favor the commercial speakers who can pay the service providers’
extra costs of responding to complaints or indemnify them against
future demands.
     Popular mass content will find mirrors among fans who can keep
it in circulation even as early posts are forced offline. Bland speech
will face fewer challengers threatening to raise service providers’
hosting costs. Meanwhile speech that is non-commercial, minority,
and challenging lacks these advantages. It will be vulnerable to take-
down upon threat, and it will find fewer supporters willing to repub-
lish it. If its critical, parodic, or its opposition nature causes some to
file DMCA takedown notices, even if unwarranted, this may be
enough to bump the content offline and out of the public discourse.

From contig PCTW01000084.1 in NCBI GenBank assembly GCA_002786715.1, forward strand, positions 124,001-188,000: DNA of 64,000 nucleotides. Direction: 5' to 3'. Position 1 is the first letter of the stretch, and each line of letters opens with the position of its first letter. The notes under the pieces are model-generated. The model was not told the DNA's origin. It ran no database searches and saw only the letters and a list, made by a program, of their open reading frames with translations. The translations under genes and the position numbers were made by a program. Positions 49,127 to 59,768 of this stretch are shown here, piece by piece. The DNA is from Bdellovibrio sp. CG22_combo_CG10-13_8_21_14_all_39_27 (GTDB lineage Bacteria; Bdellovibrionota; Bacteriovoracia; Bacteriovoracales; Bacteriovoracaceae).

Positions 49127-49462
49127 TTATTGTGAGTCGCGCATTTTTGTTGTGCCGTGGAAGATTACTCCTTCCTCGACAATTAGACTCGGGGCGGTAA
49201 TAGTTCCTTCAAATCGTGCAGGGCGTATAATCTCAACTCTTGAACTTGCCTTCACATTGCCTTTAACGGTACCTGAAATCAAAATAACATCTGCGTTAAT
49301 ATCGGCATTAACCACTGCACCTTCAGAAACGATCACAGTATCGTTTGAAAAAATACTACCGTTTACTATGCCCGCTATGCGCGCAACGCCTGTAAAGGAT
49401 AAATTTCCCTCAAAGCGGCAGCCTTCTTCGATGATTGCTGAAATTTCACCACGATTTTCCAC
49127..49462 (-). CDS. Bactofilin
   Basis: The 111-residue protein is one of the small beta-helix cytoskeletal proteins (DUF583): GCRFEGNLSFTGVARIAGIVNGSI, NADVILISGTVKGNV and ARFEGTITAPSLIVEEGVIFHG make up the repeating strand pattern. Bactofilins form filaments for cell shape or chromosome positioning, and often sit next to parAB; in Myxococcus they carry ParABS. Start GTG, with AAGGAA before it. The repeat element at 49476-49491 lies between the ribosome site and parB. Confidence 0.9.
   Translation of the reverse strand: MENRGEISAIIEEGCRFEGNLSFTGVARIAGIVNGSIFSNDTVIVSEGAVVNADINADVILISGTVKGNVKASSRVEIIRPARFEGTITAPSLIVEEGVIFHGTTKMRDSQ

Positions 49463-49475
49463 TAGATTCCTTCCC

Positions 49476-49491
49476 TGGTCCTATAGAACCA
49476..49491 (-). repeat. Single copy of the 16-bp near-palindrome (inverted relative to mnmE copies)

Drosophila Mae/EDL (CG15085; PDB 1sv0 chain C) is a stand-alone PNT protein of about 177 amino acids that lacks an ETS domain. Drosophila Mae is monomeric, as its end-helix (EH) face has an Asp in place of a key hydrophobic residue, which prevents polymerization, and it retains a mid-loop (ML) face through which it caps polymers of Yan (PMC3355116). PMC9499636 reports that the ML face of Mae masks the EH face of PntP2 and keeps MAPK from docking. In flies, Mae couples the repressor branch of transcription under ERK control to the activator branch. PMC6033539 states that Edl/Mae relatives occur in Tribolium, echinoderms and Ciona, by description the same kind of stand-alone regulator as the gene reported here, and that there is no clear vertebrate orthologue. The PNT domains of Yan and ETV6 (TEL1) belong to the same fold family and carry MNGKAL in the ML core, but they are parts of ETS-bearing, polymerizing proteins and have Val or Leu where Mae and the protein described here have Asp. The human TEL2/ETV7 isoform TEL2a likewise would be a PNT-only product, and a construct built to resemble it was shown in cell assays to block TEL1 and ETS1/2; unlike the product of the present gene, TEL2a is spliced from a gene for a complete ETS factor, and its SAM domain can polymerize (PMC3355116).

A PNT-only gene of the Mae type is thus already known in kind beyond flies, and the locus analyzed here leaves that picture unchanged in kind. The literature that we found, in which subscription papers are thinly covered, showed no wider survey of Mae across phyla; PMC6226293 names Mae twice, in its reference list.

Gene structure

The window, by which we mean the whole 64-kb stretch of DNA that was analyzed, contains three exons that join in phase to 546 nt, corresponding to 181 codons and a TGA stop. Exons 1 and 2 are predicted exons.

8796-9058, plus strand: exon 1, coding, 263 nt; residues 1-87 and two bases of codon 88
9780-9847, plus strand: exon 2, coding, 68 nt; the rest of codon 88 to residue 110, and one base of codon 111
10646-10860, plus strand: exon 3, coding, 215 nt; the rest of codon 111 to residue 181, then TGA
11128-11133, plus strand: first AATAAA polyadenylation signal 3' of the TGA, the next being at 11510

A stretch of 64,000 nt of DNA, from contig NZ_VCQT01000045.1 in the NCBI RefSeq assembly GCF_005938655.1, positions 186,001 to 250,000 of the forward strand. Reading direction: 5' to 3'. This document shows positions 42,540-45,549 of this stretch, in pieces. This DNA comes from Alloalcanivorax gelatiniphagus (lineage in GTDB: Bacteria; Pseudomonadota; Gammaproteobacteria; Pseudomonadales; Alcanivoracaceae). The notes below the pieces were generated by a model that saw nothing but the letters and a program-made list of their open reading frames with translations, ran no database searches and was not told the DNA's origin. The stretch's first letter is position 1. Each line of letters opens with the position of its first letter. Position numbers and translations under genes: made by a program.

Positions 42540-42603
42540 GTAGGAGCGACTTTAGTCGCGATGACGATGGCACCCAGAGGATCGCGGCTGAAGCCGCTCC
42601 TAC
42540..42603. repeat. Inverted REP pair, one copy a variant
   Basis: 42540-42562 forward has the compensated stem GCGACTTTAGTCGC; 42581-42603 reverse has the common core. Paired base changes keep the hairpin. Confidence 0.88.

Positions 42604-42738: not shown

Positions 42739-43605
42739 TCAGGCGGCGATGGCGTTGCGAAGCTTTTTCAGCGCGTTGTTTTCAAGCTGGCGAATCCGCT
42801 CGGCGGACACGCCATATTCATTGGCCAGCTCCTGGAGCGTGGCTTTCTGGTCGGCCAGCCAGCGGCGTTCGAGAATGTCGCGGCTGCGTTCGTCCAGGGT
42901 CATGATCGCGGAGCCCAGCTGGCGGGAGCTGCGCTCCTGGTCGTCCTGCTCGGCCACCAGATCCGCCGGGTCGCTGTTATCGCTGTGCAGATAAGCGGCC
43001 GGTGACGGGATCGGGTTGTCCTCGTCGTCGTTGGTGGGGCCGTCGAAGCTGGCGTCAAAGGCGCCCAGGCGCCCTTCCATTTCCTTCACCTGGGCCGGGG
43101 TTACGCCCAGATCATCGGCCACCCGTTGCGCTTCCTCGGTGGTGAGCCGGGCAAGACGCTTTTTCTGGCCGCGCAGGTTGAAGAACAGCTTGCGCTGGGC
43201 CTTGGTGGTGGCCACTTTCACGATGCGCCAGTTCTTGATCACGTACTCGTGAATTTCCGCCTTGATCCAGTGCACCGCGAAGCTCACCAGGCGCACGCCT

These errors in copyright’s author-protective mechanisms, eroding the
very purpose of the copyright law and the First Amendment, should
send us back to look for better-tailored enforcement measures.316

   315. ACTA — Internet Chapter (EC) No. 588/09 of 30 Sept. 2009, available at,com_docman/task,doc_download/gid,26/.
   316. See Lichtman & Landes, supra note 287, at 410. (“The core insight is that every
mechanism for rewarding authors inevitably introduces some form of inefficiency, and thus
the only way to determine the proper scope for indirect liability is to weigh its costs and
benefits against the costs and benefits associated with other plausible mechanisms for re-
warding authors.”).